One cannot grasp the extent of this failure on the part of our Arab-American leaders to actually lead until you see the list of 29 ethnic and racial groups now identified on the census form. These groups are described in exactly 47 words describing ethnicity and race and 313 characters. And they can’t add one more word or 4 more characters to the list?
It is wrong, and accepting that without organizing a struggle to right that wrong is immoral.
RASHAD: Arab organizations and advocacy groups around the country are on the right track. They are partnering with the census, encouraging their communities to fill out their forms, forming Arab Complete Count committees and engaging Congress in that regard. Increased participation is needed, not a boycott.
RAY: Those in the Arab-American community who, like Mr. al-Dabbagh, are employed by the Census Bureau are misguided and obligated to defend it. The wrong response from our leadership is to say that after three decades of doing just what they have argued (filling out the census forms and writing in our names) is that we should keep doing what we have been doing.
Protesting and boycotting the census this fourth time (1980, 1990, 2000 and 2010) is, in fact, the proper response to pressure the government by non-involvement. The benefits that census advocates claim we will get are non-existent until we are fully recognized by being included on the form.
Census workers assert that non-participation would be disastrous. But their answer, writing in our name by hand on the “other” line in a manner that fails to fully reflect our community is in fact the real disaster. We become statistics with no identity who are used to bolster up the needs of the greater community without benefiting directly for our own community.
The argument that there is “no room” on the census form and that others have fought and it is a long and hard process is not the response our community needs to hear from individuals who claim to be leaders. In fact, if we need to begin the fight, the fight has to start now, and our efforts could result in forcing Congress to include four simple letters on an extremely long form with a lot of space (or real estate, as the census advocates call it).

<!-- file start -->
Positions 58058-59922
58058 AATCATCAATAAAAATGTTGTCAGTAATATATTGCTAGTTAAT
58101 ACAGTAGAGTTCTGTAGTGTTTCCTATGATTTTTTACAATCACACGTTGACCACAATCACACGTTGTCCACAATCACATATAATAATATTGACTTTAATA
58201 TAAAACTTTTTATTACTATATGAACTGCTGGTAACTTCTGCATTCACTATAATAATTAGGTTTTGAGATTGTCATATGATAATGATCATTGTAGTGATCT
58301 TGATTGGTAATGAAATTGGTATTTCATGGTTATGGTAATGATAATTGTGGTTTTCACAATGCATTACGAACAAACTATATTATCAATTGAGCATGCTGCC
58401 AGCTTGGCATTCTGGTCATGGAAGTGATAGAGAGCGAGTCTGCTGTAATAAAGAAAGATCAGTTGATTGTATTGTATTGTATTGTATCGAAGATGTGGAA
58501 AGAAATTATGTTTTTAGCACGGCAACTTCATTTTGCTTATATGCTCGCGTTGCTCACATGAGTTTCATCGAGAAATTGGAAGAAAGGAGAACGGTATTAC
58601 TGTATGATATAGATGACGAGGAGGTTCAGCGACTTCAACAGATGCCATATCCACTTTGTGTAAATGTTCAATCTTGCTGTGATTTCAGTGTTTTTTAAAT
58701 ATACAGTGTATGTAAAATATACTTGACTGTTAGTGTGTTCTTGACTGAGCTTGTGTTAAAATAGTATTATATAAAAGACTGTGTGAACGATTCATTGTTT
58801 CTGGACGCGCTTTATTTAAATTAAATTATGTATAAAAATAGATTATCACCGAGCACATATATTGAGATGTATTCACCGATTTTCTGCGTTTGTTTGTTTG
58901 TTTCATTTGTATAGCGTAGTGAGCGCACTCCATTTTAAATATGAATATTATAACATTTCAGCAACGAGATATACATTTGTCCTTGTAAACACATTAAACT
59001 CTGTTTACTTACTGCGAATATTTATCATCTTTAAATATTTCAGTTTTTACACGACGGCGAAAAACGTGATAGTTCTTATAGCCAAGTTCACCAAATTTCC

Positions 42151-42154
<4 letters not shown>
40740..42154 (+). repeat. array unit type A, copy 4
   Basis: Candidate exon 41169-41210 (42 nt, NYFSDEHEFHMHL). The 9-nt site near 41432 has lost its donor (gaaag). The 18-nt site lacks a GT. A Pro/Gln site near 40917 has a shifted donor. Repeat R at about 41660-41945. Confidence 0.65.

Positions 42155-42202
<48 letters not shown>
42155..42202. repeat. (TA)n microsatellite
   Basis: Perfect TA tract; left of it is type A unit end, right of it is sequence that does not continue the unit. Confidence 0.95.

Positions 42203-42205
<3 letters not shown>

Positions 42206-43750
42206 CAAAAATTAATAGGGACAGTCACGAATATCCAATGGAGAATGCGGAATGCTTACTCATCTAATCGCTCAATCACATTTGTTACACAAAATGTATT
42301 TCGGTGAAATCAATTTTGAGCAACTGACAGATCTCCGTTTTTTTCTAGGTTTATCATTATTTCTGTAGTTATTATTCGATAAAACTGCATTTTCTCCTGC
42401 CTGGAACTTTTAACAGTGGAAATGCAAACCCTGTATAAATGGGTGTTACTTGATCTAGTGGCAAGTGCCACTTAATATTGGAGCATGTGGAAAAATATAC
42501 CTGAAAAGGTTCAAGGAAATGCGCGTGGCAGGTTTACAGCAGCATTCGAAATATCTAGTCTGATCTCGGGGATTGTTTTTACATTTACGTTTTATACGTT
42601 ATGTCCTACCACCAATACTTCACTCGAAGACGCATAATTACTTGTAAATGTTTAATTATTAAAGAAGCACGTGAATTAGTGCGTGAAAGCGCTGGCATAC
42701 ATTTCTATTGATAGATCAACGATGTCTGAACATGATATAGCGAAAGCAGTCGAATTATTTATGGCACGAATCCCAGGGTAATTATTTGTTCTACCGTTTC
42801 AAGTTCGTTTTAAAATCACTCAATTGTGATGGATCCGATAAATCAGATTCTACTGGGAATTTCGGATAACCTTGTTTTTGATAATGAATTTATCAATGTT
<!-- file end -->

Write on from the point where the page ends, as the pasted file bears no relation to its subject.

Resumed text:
Not being included in the census as a formal recognized entity has dire consequences that Arab-Americans face every day. The census is the front line on this fight by Arab-Americans for equality in America, and fighting the census is exactly where this fight should begin. Arab-Americans must be counted the right way, not half way.
RAY: I disagree with them. Boycotting in fact is the move to take a stand rather than to continue to do what we are asked to do. We did it in 1980, 1990 and 2000. Now we are being told to do it again in 2010. So we can be counted in 2020? What has changed from the past to lead anyone to think that the U.S. Government will change and finally recognize the rights of Arabs in America?
I do believe that when individuals are paid for advocacy, they are embracing a directive. If we expect to make a change, we must first begin with ourselves and take a stand and fight for it. We have been told for the past three decades that if we do not write Arab in on the form, we will not be counted. The fact is that the very argument being used to push us to write in Arab is that we have not been counted. So, it has not worked. It does not work. Doing so regulates us to a second or third class status. They have been asking us to do this for three decades, and in every census cycle they acknowledge that we have not been fully counted. Clearly, it is not working.